I have mapped out some 2011 goals to continue with my success and am always looking for a new challenge.  Below are a few tips and advice I’ve gained over my continued battle. I’m hoping they can help you…
Have a Healthy Support Network- I think “healthy” is contagious.  If you read in my story the network of friends, family, coaches/trainers has been invaluable.   A special thanks to my wife Jaime and training partners Suzy Hay and Scott Lee.  You will be amazed what can happen when you surrounding yourself with positive, healthy people.
Set, Write Down, Keep, and Tell Others about your GOALS – Not only will a well-thought out goal tell you where you’re headed, but once you achieve it, you can look back and realize how well you’ve done.
Get Accountable – Pick a person you know who encourages you, but more importantly, is allowed to push you when you don’t really want to hear it, that you’re messing up on your goals. Better yet, pick a few people.
 “You can’t out exercise a bad diet”- Bill Hartman (IFAST)-  This piece is so critical; I was busting my butt at 5:00 am workouts but not seeing results, it all came down to eating less and eating quality foods, not “food like substances” (I am talking to you Pop Tart!)
Keep a Food Diary- I have done a two week food diary 4-6 times in the last 18 months.  When you start logging and measuring out your portions and food selections you can see how a diet you may think is good can really be crappy as it was in my case.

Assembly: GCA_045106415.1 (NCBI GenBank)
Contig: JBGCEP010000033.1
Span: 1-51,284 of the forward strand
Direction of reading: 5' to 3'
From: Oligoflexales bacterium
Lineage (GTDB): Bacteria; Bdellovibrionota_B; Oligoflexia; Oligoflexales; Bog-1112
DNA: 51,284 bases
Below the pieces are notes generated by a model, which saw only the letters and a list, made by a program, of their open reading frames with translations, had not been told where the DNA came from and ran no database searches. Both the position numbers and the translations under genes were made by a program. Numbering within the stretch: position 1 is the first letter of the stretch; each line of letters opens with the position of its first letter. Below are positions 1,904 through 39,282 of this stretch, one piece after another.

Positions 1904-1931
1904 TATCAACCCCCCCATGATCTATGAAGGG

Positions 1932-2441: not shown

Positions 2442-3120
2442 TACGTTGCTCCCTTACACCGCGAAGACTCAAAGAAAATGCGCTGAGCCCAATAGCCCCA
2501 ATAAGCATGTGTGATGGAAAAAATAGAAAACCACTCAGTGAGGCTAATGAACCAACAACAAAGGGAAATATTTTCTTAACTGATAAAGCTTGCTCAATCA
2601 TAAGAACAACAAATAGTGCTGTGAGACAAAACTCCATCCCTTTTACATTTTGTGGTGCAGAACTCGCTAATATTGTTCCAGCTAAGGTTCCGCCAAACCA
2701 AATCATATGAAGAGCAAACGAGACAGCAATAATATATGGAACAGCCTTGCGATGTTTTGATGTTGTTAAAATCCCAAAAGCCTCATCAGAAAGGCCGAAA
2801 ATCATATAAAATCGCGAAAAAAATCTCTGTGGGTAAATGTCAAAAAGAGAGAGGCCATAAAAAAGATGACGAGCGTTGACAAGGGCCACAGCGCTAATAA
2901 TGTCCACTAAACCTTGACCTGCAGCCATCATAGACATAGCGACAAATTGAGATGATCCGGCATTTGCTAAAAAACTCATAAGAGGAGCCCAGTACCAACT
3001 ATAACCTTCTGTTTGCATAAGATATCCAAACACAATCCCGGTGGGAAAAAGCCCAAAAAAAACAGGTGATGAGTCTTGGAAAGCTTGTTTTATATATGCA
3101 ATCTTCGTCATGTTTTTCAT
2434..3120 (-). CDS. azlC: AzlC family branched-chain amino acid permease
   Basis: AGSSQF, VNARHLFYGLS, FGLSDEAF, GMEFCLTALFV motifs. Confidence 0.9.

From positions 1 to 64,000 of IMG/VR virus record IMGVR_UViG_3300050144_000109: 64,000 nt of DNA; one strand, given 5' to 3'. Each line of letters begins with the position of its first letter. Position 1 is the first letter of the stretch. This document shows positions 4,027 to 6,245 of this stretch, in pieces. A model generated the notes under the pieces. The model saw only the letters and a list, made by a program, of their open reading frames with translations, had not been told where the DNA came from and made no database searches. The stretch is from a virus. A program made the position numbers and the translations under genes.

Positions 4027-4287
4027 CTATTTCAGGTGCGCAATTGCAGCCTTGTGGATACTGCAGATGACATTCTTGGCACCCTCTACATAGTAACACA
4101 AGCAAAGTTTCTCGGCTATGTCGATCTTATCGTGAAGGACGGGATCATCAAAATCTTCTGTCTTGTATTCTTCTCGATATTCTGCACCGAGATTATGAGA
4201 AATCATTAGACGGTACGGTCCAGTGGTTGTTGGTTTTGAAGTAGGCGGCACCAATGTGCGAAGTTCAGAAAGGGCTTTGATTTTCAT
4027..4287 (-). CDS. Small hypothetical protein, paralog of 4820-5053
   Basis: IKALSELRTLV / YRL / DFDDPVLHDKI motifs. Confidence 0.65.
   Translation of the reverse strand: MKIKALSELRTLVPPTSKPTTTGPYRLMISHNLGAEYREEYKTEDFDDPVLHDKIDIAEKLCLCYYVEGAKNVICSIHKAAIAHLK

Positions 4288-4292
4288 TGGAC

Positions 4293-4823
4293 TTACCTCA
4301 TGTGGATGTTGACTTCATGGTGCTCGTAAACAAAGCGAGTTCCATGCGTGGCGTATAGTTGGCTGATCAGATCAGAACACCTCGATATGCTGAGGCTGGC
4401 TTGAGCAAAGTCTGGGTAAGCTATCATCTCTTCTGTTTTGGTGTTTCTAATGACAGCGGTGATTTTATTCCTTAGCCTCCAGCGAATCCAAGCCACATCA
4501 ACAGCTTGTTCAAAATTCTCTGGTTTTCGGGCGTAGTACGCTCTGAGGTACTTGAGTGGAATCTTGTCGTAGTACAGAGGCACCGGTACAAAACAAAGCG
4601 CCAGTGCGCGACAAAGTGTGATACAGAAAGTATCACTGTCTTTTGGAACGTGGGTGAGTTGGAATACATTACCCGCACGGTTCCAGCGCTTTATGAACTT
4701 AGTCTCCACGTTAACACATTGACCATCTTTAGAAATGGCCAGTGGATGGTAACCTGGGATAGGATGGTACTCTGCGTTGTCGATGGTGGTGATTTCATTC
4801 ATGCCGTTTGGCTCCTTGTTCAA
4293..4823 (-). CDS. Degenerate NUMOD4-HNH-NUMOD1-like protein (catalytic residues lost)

Thanks for taking the time to read. If I can be helpful, please contact me at 


  1. Way to go, Russ! It's great that you are sharing your journey!

  2. Russ, I'm so proud of you! You have gone about this the right way and can be an inspiration to so many of us. Keep up the great progress and keep us all posted on your progress. Good luck in 2011!

  3. Fabulous journey!!! Thanks for sharing your A-MA-ZING story!!!

    I see somebody wearing a Nebraska Huskerhat in your header!! My homestate!

  4. Great job man. Keep up the good work and I am sure you will meet all of your goal in 2011!!!

  5. @Jess- Thanks for reading! My wife and I lived in Lincoln, NE for two years due to a job transfer. Other than the bone chilling wind we really liked Lincoln.

    @DoBo/Steph/Renee- Thanks for all the kind words!

  6. Nice job! Keep up the good work and you will get there. I enjoy reading of others having success in loosing weight and getting off the couch. Congrats and keep it up.

  7. Thanks for sharing your inspiring story. You will absolutely motivate a lot of people who think they can't run because they don't look like the runners on tv. Amazing!

  8. Russ,

    What a great accomplishment. It was fun running with you in Manhattan. Keep up the good work and I look forward to running with you again this year.

    Penny, the one who made you do those hills!

  9. Russ,

    Thank you so much for sharing your story. Jay R. from DailyMile sent me a link. You are very inspiring. I'm finding my way back from being morbidly obese (5'2" and over 350). My first half marathon is in November. Nervous but I think I can do it.

    Your advice is wonderful and very true - especially the not being able to out exercise a bad diet.

    Again, thank you for sharing your story!